This is a super simple and effective way to check your cookie-cutter design before exporting the file for 3D Printing.
Exporting for 3D Printing
Now that our cookie cutter is complete, we’re ready to export the design for 3D printing.
But first, I would appreciate it if you would pause this video and take 60 seconds to leave a review for this course! Simply click that review tab just below this video and click the “leave review” button. Select a couple of quick answers and you’re done.
[Pause and Leave Review Screen]
To export the cookie-cutter design, we’ll need to make sure our cookie-cutter bodies are visible and that the digital dough body is set to hidden.
I’ll then right-click on the component in the Browser. From here, we’ll select the option “Save as STL”.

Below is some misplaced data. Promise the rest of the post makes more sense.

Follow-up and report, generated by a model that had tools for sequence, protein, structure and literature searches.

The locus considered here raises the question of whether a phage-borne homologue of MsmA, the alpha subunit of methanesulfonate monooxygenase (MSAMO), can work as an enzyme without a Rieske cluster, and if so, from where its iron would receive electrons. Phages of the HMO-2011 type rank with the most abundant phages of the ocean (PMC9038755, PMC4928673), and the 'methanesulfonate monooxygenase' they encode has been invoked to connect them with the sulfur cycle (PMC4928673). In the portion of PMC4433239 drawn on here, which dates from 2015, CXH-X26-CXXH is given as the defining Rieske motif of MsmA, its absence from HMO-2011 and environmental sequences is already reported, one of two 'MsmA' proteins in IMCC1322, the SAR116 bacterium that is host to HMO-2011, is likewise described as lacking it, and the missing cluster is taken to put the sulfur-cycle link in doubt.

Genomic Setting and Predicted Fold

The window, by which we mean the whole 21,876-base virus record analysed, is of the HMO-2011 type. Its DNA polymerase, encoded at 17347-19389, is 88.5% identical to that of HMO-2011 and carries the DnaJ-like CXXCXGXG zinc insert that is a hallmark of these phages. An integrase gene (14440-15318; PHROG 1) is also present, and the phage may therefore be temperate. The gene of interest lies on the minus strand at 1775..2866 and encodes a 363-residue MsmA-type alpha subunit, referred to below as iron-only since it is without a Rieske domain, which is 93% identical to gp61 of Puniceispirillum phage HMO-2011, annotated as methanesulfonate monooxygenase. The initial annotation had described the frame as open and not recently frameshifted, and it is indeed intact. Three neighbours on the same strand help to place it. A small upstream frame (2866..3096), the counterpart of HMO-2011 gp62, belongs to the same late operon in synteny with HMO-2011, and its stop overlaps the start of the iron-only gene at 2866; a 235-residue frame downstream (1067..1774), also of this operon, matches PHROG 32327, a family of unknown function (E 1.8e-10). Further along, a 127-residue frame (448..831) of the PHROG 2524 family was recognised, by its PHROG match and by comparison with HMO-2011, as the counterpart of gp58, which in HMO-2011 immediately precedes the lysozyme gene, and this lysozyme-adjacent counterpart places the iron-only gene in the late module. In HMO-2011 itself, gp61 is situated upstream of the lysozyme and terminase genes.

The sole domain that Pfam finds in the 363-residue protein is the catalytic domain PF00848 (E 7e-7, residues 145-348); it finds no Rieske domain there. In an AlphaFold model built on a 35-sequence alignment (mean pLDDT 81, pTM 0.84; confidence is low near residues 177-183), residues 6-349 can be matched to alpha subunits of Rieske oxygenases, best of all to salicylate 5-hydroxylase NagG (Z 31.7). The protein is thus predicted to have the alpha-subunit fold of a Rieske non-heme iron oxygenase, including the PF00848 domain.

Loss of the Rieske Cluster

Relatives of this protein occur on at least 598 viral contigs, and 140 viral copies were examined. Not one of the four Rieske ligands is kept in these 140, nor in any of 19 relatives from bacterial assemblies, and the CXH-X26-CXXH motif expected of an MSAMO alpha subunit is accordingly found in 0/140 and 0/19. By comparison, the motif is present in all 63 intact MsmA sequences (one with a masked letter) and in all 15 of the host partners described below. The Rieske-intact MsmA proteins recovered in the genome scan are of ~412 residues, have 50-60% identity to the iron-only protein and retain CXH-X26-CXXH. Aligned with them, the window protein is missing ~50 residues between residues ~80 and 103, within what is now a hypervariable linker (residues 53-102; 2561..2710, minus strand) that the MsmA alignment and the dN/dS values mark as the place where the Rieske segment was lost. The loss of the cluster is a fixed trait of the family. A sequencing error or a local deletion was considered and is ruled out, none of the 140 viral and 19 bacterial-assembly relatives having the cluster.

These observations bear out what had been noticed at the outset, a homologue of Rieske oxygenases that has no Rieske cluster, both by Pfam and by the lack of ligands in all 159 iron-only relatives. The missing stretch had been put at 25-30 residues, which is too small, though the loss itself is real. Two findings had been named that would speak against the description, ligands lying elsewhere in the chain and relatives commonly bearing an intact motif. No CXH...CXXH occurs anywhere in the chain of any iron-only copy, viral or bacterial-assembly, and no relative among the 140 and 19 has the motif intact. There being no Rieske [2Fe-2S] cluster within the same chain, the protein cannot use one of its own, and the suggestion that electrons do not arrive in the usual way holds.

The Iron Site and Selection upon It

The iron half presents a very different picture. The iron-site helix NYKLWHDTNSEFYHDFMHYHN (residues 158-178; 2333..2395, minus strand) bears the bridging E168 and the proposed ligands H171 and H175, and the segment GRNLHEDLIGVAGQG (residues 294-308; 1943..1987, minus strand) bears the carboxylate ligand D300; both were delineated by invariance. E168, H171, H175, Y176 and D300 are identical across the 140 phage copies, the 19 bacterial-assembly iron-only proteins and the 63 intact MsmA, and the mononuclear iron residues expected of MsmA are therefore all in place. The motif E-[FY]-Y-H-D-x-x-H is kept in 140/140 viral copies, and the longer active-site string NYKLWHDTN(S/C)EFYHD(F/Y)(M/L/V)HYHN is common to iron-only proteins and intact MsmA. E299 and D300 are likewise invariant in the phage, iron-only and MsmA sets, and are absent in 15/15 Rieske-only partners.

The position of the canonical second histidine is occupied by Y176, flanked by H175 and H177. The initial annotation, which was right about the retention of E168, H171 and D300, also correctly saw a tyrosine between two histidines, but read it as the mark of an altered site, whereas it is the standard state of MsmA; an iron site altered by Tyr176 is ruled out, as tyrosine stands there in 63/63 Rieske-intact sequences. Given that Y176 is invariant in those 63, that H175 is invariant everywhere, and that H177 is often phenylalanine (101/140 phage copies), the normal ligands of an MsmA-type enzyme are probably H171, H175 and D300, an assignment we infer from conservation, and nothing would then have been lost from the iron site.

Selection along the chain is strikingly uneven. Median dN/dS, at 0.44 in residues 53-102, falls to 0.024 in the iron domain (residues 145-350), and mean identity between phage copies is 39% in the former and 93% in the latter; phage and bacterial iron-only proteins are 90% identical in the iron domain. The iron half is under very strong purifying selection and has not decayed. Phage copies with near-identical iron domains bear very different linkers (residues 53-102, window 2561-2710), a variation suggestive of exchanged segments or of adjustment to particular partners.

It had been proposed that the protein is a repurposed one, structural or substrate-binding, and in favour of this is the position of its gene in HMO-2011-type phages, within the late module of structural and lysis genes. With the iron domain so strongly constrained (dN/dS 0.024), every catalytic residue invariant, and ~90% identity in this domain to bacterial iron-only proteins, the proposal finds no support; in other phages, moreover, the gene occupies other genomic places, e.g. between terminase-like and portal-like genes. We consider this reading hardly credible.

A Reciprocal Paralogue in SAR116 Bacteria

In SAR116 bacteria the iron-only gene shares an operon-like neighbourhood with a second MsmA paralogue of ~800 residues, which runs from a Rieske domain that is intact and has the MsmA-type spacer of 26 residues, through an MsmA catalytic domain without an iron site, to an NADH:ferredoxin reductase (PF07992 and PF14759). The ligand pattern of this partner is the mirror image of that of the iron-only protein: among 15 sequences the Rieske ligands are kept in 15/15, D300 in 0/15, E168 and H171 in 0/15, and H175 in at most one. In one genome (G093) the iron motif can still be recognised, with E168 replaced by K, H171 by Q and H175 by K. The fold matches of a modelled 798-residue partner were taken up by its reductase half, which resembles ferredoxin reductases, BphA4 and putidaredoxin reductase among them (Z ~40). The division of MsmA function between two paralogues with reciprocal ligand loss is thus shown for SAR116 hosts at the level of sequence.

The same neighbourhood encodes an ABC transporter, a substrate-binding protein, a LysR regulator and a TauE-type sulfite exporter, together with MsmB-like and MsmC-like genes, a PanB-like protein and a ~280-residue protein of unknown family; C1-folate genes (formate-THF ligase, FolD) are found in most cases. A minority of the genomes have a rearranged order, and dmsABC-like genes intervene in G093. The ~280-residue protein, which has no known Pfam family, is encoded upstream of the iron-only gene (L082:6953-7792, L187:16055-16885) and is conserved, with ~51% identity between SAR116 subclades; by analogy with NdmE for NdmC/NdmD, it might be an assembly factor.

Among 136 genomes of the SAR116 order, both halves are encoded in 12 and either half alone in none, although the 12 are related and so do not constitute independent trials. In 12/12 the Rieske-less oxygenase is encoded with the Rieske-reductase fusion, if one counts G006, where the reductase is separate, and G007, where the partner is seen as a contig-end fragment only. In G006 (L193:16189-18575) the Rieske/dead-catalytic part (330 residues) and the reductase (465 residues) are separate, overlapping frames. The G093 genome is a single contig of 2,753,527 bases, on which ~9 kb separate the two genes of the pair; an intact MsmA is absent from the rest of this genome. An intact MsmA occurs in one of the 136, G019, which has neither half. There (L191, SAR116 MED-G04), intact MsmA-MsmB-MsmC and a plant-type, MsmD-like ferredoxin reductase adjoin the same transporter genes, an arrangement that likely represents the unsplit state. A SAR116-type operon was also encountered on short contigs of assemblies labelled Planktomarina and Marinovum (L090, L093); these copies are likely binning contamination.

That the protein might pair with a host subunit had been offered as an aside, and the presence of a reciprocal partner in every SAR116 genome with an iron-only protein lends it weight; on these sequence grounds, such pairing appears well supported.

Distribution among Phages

You can then select the solid body if it’s not already selected.
At this point, we have two choices. First, you can save the STL File directly to your local computer by simply clicking the “OK” button, naming your file, and clicking the blue “Save” button.
The second route is to send your STL file directly to your 3D printer’s slicing software. To do this, we’ll need to select the checkbox for “Send to 3D Print Utility”. You’ll then be presented with a list of options.
For example, I’ll select Cura, which is my slicing software of choice. After selecting your print utility, you’ll then need to click “OK”.
The Print Utility does need to be open beforehand, as Fusion 360 cannot open the other program for you. However, you’ll see this streamlines the process and the model is automatically opened in Cura and ready to be set up for printing.